What does a synth need..?

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Re: What does a synth need..?

Postby Bitexion » Mon Aug 05, 2013 5:01 pm

There was this monster created in 1980 called Con Brio ADS that featured 64 oscillators, a CRT screen and looked like a Star Trek prop, and a $30,000 price tag. As far as legend goes, they only ever sold two, one was used for effects in TV series by a studio.

http://www.vintagesynth.com/misc/conbrioads200.php
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Re: What does a synth need..?

Postby briandc » Mon Aug 05, 2013 6:49 pm

rhino wrote:You'd still have a problem - if I understand what you're asking - in that each of the four waves would contain only the harmonics of ONE fundamental frequency. You would need hundreds of different frequencies at the same time to approach random "white" noise. And, as Solderman said, filtering out all but one tone would be a nightmare.

Remember:
Sine wave = no harmonics
Saw wave = all EVEN harmonics - each in inverse level (volume) to it's number (higher=softer)
Square wave = only ODD harmonics

My take:
Most basic useable synth= (think Korg Monotron)
Oscillator - Low-pass filter - VCA - LFO - EG

Next step up= (think Roland Gaia)
Two VCOs, VCF with LP, BP settings VCA, 2 LFOs, 2 EGs, basic effects.

Again - we may not be seeing eye-to-eye here;
Do you mean what nember of filters would a synth need to cover most of the "popular synth sounds you hear"?
If so, then my answer (FWIW) is two: A low-pass/band-pass VCF and a high-pass adjustable.


Hi rhino,
if a wave covers only one frequency, then wouldn't playing the keyboard at different octaves permit reaching the other frequencies? Or is there distortion (perhaps this is what aliasing is)?

Regarding the rest of your post, I'd be curious to know why you said, for example, 2 LFOs (and not 1, or 6, or 100). Also, is a band-pass VCF better than a DCF?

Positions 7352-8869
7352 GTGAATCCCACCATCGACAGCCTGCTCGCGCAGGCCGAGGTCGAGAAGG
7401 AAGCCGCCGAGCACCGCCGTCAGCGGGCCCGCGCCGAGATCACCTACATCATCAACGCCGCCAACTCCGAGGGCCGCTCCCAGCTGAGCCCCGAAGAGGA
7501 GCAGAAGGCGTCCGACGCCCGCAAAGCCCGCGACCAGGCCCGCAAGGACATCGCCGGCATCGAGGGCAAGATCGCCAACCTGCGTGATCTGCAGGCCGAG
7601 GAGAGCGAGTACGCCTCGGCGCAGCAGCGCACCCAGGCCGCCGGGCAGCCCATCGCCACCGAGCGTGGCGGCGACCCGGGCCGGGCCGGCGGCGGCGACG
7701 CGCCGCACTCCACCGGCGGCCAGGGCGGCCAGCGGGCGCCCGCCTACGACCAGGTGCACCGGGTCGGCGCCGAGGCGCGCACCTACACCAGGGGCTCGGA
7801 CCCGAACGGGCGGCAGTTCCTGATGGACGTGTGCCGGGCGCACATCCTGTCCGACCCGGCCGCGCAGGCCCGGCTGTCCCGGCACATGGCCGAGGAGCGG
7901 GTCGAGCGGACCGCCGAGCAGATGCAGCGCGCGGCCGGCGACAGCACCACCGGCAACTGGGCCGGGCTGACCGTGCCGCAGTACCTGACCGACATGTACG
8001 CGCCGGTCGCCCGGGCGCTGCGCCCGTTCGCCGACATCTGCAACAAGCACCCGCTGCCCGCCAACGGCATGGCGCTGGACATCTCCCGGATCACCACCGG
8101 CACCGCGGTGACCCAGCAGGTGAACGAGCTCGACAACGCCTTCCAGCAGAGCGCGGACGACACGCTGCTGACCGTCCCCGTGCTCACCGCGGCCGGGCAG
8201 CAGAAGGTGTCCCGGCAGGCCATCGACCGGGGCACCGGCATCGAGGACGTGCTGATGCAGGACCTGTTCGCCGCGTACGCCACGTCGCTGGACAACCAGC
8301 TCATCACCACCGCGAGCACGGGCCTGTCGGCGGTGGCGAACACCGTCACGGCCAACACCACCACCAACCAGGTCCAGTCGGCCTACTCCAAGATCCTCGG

thanks!

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Re: What does a synth need..?

Postby briandc » Mon Aug 05, 2013 6:55 pm

Bitexion wrote:There was this monster created in 1980 called Con Brio ADS that featured 64 oscillators, a CRT screen and looked like a Star Trek prop, and a $30,000 price tag. As far as legend goes, they only ever sold two, one was used for effects in TV series by a studio.

http://www.vintagesynth.com/misc/conbrioads200.php


That thing looks like it was used on the bridge of the Enterprise! :D Would be cool to have for an evening at home.. :)

So to the point, would 64 oscillators be too many? I mean, in the end, there's only one sound spectrum anyway, and once you've got some width to a waveform, things get "muddy" real quick!


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Re: What does a synth need..?

Postby rhino » Mon Aug 05, 2013 8:17 pm

Without getting too deep, a note one octive higher has the same harmonics - just each frequency is now twice as fast. I think you are hung-up on the concept of white noise: White noise is a combination of every possible (audio) frequency at once. Not much good EXCEPT for percussion sounds and/or adding "air" or "spit" to a tone.
I feel you are meaning having control of all the HARMONICS of a musical tone. This can - most commonly - be done by:
1) Adding harmonics one at a time
2) Starting with a lot of harmonics, then removing certain ones with filters
3) Using FM or purely digital means to create the wanted harmonics from a base waveform

A one oscillator synth can sound rather thin without external effects. Two oscillators are able to be detuned to create pseudo-chorus effects and some wave spectrums are esier to create by tuning two oscillators to a third, forth, fifth interval etc.

AGAIN: I may not understand what you are asking...but think of a synth as a set of tools: A tech in an auto dealer, or one doing HVAC, or one working on office equipment would likely have some sepcialized tools that the others would not need, but they would surely have the same basic wrenches, screwdrivers, pliers etc. The specialized tools might make the work go faster and easier, but chances are, the basic toolset would still get it done.

My description of a two VCO synth is of a machine that - with work - could imitate closely most of the tone colors associated with "Synthesizer" sounds.

DCF is not a common term: Filters can be analog or digital, and then controled by an analog or digital signal.
Then a filter can be LP, BP, or HP. Each has a different function in a synth.
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Re: What does a synth need..?

Postby ninja6485 » Mon Aug 05, 2013 8:46 pm

I think some people were trying to be snarky in the beginning of the thread, and it got out of hand. Op is asking what the smallest cobination of synthesizer components would be to create any given sound, within reason of course. I think the question is wrongheaded: the more you have, the more you can do, but if you let the theoretical "I can create anything with these tools" notion get to your head, often you end up with the sonic equivalent of a diy Lamborghini kit car built on a fiero. You know what I'm talking about.